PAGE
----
Following are the excerpts from PM’s post budget interview on Doordarshan:

Q. Prime Minister, congratulations on your government’s third budget.  I would like to begin by asking how this budget addresses current economic conditions specifically with regard to inflation and sustaining rapid growth?

PM: This budget meets all the challenges that our economy and our polity faces in the next fiscal year.  We need to sustain a high rate of growth and therefore this budget builds upon the good performance of the current fiscal year’s  8.6 % growth rate to a projected 9% growth rate for which adequate provisions have been made particularly in the area of infrastructure and in social sector plus agricultural development. It is certainly necessary to curb inflationary expectation for which it is very essential that there should a path of fiscal consolidation. The Finance Minister has done a commendable job by planning to reduce the fiscal deficit and revenue deficit before the figures he himself had projected in the budget estimates. And therefore, what he has done by way of social sector spending, what he has done by way of encouraging investment in agriculture, the tax concession that he has given, I think this is a budget which matches the challenges that our economy faces. Sustained growth,  equitable growth, inclusive growth plus a determined effort to curb inflationary expectations.

Q. The Finance Minister has not raised any additional taxes and yet tax revenue is up 25%. Is this achieved just because of rapid growth? And therefore can you continue to reduce the deficit by achieving rapid growth?

PM: Well rapid growth is certainly one factor. But I think equally important is greater tax compliance and for that moderate rate and simplified system also are very essential. And the Finance Minister has walked on both these legs.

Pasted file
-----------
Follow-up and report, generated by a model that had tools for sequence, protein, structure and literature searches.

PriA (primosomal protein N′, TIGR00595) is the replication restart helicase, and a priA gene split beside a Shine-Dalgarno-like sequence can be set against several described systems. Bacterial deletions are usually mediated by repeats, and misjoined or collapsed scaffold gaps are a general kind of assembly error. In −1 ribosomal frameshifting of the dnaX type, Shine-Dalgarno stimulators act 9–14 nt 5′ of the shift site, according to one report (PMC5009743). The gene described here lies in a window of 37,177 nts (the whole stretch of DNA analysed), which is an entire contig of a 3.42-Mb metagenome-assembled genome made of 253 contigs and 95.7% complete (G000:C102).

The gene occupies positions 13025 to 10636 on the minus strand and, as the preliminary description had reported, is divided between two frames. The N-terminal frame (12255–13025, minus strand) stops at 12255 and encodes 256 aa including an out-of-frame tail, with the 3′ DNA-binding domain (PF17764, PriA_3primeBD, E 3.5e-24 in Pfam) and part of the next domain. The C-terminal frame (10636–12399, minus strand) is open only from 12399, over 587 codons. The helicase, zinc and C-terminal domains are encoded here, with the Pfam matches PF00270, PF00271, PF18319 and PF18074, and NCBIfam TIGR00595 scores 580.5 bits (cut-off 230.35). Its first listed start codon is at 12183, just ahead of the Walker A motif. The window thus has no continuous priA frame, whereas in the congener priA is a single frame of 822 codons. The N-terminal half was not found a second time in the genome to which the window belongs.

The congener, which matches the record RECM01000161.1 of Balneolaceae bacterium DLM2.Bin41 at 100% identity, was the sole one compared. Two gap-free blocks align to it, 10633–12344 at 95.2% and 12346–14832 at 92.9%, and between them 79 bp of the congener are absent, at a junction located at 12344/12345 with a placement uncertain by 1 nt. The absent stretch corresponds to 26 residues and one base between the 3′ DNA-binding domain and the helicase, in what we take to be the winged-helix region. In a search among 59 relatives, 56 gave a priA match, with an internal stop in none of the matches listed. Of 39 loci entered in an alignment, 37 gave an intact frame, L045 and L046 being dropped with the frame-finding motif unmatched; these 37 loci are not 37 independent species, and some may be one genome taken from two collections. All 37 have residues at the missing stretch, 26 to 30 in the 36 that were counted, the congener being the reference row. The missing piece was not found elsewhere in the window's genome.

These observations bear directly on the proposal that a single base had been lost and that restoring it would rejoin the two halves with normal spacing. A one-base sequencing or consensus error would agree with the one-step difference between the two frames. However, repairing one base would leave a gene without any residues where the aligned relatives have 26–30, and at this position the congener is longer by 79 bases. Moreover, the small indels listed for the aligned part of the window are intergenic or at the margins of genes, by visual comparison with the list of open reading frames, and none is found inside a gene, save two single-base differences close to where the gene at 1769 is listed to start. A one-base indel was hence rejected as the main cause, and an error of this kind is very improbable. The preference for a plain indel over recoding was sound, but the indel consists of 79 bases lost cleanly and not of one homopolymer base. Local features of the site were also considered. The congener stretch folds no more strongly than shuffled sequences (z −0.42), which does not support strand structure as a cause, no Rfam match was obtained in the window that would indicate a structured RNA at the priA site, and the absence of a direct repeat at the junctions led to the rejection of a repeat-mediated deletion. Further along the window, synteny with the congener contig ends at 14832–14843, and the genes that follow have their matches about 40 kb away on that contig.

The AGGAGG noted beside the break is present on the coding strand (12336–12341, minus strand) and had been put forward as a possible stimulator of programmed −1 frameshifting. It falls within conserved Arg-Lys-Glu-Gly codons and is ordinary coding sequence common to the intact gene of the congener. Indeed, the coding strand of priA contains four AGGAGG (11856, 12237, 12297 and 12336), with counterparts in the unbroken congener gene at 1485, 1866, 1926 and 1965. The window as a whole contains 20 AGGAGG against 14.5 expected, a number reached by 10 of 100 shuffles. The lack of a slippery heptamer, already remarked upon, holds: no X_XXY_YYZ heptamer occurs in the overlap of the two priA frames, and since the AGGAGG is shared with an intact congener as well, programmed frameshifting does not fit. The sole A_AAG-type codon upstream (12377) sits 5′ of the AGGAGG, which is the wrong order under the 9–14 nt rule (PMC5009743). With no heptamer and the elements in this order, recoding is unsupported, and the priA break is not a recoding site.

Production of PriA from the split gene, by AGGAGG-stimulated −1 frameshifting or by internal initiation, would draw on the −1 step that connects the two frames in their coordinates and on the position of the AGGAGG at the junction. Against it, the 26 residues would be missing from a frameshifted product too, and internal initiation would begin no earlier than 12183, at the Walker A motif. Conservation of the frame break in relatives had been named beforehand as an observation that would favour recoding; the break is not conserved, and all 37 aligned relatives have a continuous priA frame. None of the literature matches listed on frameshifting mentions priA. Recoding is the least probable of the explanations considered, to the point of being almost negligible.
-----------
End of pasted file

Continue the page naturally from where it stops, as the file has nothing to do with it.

Q. The FM has announced some adjustments in IT rates at the bottom levels and specifically for senior citizens. But there were cries in the House about women for which there was no action it was said. And also for those further up in the income ladder who also have suffered inflation and there is no action for them. How do you react to that?

PM: Well you can’t please all people. And the Finance Minster has done as good a job as was possible. The fact that he has increased the exemption limit for the people at the lowest rung of the ladder from Rupees 1,60,000 to Rupees 1,80,000 will benefit all men and women and for older citizens he has done much more.

Q. The expectation was that there would be some kind of amnesty scheme to try and bring in black money to invest in infrastructure. That has not happened. Was it at all a factor that the government considered?

PM: Well, amnesty schemes have been implemented in the past. I don’t think they have succeeded in providing a permanent cure for black money. We need to have a system’s reform in a holistic manner to deal with this menace.

Q. The stock market was fairly optimistic through the last couple of hours. In fact even before the speech began and then it kept climbing. Yet there is nothing really for investors in the budget. How do you read this from the perspective of the capital market.